Me, Myselfie and I
9 Dec 2017 – 22 Apr 2018
GOMA | Childrens Art Centre | Free
‘Me, Myselfie and I’ is a Collection-based exhibition which explores representation of self and features video works by Takahiko Iimura, Phil Dadson, Miloš Tomić and a series of digital prints by Gordon Bennett. The exhibition also includes interactive making and multimedia artist projects that invite children to consider different ways of creating their own portraits.
Self-representation has become more complex and varied through the use of digital technologies. The exhibition explores what a self-portrait is and how it can express our emotions, personality, memories and experiences through images, sound, spoken word and movement.
I, YOU, WE
Wit Pimkanchanapong’s multimedia activity I, you, we invites children to create a composite portrait of their face and that of a friend or family member. With a little technical magic, the facial features of each are fragmented and recombined to form a new portrait, often with surprising results.
Ayaz Jokhio celebrates diversity through this mix-and-match activity that uses magnets and the artist’s self-portrait. Children are invited to transform the artist’s image and create new identities through an assortment of outfits, also drawn by Jokhio, which reference different cultures, uniforms and fashions.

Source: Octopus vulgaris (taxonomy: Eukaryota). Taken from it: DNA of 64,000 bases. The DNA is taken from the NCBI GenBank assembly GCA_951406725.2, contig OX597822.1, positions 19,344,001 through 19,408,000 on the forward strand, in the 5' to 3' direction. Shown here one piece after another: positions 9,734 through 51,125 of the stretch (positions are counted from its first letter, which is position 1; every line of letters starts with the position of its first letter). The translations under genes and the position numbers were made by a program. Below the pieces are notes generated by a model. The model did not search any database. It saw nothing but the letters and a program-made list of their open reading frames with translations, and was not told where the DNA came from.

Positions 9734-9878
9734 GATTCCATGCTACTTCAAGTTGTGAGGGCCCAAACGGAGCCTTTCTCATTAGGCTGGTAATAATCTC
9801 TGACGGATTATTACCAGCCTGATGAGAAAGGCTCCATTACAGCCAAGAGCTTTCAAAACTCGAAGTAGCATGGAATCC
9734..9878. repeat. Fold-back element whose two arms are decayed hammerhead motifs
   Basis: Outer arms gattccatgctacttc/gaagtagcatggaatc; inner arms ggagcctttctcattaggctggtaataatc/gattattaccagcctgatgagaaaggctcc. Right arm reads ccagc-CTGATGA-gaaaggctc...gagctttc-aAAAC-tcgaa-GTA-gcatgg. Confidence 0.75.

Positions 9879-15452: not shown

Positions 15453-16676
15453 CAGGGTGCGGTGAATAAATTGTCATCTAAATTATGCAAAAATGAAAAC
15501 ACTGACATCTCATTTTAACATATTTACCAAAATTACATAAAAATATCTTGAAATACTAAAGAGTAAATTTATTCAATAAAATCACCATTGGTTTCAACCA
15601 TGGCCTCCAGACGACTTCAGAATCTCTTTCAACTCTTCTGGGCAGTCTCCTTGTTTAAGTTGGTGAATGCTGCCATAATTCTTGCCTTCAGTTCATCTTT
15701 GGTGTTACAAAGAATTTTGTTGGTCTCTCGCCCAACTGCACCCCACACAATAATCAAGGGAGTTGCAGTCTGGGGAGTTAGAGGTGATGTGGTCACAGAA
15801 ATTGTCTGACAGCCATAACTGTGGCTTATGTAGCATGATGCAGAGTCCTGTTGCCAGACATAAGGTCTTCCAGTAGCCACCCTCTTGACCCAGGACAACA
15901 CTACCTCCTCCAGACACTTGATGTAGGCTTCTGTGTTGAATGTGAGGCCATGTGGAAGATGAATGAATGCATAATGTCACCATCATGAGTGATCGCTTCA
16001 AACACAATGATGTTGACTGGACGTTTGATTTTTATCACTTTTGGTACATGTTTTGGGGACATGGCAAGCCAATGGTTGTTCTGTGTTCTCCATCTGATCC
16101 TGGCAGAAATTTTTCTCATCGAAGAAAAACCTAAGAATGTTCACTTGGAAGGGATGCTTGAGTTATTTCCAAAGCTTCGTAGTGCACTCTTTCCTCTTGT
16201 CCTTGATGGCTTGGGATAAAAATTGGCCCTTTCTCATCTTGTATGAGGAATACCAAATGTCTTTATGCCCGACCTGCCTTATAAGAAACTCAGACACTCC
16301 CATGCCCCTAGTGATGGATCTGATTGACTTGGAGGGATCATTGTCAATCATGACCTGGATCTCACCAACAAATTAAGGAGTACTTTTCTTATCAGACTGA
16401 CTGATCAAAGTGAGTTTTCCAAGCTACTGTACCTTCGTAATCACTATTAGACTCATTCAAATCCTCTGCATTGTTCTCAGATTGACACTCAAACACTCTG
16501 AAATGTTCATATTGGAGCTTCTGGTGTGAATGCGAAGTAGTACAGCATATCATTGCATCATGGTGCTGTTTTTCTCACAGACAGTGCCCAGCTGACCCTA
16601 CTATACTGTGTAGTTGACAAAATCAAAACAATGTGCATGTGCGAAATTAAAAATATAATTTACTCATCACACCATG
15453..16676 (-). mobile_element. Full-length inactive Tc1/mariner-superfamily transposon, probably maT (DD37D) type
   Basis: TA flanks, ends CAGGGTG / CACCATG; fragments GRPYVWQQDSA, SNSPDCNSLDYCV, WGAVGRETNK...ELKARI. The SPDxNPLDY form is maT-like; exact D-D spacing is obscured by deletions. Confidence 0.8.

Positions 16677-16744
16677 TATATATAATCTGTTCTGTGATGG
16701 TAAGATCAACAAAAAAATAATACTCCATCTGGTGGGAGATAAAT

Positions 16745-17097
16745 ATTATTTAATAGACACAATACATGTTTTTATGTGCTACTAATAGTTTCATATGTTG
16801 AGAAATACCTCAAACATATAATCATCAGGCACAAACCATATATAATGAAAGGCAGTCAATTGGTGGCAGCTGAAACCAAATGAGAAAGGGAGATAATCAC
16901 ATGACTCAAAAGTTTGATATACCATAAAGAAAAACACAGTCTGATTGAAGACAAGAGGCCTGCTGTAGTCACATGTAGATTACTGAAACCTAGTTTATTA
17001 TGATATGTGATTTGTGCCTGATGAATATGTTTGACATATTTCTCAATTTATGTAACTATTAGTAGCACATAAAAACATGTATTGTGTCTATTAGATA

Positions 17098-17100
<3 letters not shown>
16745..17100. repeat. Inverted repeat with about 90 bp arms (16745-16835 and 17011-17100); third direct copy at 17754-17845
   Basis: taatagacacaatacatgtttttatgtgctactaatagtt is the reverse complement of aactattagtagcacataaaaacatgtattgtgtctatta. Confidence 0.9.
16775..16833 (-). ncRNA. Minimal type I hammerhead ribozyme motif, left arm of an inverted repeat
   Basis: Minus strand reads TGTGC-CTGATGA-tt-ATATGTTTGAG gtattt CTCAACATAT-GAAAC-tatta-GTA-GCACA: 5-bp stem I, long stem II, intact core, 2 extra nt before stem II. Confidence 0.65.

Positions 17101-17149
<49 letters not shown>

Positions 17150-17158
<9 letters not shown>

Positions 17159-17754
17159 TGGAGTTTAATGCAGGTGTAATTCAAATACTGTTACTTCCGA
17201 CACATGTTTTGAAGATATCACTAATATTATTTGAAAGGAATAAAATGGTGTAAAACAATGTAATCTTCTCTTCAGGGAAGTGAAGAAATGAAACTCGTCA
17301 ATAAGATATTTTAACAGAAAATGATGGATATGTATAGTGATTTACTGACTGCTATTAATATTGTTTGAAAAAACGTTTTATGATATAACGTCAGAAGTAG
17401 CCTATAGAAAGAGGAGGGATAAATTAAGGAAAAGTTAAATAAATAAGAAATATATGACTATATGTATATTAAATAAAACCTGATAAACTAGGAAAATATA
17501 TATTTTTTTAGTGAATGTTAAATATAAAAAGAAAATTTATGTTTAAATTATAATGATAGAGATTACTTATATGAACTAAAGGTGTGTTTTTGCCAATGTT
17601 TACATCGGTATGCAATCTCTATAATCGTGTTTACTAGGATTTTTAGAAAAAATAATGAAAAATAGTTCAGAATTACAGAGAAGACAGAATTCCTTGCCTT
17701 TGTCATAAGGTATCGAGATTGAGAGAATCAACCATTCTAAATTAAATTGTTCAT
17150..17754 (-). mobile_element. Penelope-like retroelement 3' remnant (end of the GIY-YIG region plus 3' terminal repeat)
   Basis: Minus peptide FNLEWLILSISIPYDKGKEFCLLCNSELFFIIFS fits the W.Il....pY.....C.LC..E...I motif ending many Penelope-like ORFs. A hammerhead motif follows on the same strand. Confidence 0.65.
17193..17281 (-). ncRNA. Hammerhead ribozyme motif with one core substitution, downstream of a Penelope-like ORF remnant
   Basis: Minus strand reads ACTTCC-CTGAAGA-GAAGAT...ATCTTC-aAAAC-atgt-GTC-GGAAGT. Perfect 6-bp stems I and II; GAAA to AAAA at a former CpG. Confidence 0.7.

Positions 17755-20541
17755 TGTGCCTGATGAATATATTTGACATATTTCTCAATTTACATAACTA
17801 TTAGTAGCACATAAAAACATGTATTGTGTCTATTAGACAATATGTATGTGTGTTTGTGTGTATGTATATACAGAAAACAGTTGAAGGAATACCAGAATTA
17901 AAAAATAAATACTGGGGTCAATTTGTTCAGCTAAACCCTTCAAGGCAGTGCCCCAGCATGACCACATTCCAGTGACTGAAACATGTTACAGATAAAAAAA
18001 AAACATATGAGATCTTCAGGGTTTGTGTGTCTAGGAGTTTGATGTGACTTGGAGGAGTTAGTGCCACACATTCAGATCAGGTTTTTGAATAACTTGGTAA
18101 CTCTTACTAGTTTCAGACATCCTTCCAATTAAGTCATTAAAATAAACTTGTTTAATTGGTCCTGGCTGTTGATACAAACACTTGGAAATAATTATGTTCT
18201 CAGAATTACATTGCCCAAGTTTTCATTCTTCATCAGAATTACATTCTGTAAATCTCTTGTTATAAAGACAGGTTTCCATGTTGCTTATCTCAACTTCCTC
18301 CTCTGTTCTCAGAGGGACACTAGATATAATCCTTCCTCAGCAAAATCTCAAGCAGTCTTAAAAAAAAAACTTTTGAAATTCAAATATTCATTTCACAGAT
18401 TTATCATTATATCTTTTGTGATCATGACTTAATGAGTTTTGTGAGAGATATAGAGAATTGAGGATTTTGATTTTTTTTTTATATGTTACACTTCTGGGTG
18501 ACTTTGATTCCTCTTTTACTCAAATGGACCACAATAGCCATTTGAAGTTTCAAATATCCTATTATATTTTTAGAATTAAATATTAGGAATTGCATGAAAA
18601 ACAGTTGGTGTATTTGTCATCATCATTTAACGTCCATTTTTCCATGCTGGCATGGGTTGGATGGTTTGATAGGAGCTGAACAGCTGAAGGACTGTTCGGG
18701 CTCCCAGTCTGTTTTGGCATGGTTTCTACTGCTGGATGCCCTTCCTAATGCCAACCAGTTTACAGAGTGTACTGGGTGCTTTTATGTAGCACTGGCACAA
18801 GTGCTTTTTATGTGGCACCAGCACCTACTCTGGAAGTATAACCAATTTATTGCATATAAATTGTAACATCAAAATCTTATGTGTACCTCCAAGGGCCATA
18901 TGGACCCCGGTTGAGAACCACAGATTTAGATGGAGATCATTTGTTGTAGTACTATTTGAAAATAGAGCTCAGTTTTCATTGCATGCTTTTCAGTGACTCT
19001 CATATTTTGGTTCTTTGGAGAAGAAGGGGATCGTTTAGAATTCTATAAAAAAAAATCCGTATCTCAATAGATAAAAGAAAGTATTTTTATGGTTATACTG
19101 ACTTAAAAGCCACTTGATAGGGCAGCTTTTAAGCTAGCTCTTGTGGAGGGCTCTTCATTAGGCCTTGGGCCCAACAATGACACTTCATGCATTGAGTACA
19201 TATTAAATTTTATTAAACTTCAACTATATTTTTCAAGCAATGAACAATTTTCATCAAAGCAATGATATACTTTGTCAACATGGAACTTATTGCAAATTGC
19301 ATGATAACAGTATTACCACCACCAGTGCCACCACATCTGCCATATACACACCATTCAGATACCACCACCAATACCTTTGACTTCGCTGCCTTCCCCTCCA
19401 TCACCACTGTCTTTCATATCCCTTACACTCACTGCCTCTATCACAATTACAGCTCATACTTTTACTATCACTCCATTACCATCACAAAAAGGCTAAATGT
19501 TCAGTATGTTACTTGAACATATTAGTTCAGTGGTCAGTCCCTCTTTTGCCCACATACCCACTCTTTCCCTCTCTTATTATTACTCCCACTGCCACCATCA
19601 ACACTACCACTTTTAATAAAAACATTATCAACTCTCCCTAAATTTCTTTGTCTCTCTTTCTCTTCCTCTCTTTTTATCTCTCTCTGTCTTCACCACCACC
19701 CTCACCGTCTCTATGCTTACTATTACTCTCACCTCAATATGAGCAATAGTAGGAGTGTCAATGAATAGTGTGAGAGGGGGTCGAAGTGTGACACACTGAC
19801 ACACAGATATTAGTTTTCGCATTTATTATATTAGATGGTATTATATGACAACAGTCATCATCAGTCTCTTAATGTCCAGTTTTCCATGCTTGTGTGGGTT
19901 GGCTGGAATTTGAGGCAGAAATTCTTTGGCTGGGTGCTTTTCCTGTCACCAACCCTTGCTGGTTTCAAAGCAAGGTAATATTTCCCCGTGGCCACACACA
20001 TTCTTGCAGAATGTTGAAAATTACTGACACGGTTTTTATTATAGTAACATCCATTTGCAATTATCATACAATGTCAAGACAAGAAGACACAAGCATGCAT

MY POCKET ORCHESTRA
Miloš Tomić is a multimedia artist whose video work Musical Diary #1 inspired the development of a new sound activity ‘My Pocket Orchestra’ for this exhibition. Children are encouraged to record, manipulate and mix different sounds to create a unique soundtrack that is expressive of their mood.
New Zealand b.1974
New Zealand artist Angela Tiatia has created a hands-on activity for young visitors to explore ideas of altering the way we would ordinarily represent ourselves. Children can observe how their face changes in a series of distorted mirrors and are encouraged to draw themselves in an abstract way using a specially designed template.
New Zealand b.1974
Angela Tiatia invites children and families to explore ideas of representation and perception. Usually when you look in the mirror you expect to see your face, in this installation, young viewers will see images of their body that they can interact with, but they may be surprised by what they see.